Nevada Governor Rebukes Mitt Romney’s Call For Speedy Foreclosures: He Doesn’t ‘Fully Understand What’s Going On’
"Nevada Governor Rebukes Mitt Romney’s Call For Speedy Foreclosures: He Doesn’t ‘Fully Understand What’s Going On’"
ThinkProgress filed this report from the Western Republican Leadership Conference in Las Vegas, Nevada.
At an event at the Venetian hotel in Las Vegas, Gov. Brian Sandoval (R-NV) — who oversees the state that has led the nation in foreclosures for years — rebuked Romney’s comments. Romney “didn’t fully understand what was going on in the state of Nevada,” Sandoval said, before adding that the government should require programs like mandatory mediation to ensure a fair foreclosure process:
REPORTER: Gov. Romney said the other day that he thinks the government shouldn’t interfere with people getting foreclosed upon. What is your opinion of that?
SANDOVAL: Well we have a different process in the state of Nevada. We have a model program, and it’s a program that requires mediation between the homeowners and the financial institution. That system has been working very, very well and I want to continue to encourage that.
REPORTER: Do you think Gov. Romney was wrong to say that?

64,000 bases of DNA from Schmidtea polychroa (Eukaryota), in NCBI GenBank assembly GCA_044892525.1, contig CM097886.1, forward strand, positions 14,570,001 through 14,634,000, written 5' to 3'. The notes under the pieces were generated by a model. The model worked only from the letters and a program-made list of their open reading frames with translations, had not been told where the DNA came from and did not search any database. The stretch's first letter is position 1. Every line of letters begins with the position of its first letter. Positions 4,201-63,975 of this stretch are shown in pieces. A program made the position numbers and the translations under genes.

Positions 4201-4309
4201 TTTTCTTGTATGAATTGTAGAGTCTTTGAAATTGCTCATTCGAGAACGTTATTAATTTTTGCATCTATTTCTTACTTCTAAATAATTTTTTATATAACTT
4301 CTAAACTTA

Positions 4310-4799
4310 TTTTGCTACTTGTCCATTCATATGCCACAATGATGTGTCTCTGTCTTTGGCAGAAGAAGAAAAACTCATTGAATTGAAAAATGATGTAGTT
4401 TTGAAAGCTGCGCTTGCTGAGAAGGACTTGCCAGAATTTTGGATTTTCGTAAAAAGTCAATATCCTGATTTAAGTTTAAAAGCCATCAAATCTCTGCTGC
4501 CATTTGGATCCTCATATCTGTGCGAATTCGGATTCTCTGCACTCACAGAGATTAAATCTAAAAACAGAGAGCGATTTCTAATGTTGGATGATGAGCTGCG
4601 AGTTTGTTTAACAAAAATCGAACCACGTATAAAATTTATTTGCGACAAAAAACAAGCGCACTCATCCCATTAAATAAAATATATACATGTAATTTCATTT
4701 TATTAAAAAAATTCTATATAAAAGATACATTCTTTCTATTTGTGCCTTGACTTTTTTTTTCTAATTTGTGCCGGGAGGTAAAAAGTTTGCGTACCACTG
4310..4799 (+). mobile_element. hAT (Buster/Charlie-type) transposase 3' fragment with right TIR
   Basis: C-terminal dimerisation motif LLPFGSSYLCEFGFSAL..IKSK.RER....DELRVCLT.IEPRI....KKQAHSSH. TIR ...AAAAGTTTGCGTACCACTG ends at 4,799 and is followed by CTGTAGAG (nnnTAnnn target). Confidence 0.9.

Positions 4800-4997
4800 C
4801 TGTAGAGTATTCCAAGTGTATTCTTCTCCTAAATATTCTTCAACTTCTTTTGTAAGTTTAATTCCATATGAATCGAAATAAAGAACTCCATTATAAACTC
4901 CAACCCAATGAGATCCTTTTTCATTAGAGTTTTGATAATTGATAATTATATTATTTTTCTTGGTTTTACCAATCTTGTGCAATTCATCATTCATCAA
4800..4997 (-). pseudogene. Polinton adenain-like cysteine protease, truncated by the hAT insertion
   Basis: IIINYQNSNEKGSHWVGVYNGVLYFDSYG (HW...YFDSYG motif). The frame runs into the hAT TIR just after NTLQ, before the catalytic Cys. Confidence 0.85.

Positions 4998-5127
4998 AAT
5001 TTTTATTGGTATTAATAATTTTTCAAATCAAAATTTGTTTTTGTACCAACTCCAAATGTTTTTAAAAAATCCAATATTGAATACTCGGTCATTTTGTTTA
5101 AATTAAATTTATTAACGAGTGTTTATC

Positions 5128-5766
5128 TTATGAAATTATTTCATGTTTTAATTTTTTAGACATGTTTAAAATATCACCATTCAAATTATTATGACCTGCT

SANDOVAL: Well, I think he didn’t fully understand what was going on in the state of Nevada in this process that we have. [...] That’s part of the debate. And I look forward to hearing each of the candidates, talking about what their solutions are going to be. But I’m proud of the system we set up in Nevada.
Asked about what the federal government should do about the mortgage crisis, Sandoval said, “Well, I think they should look at Nevada.” The first-term governor encouraged Republican candidates to put forward ideas on how to deal with the foreclosure issue, and said he hopes to hear their ideas in the coming weeks. But Sandoval made clear that Nevada’s model works the best.
Sandoval is right that Nevada has a model program. ThinkProgress’ Pat Garofalo, writing for the Nation, outlined the idea of mandatory mediation between borrowers and banks as a way to find “an alternate arrangement before putting the borrower’s home into foreclosure.” The low-cost idea has worked in Philadelphia and other areas where it has been tried.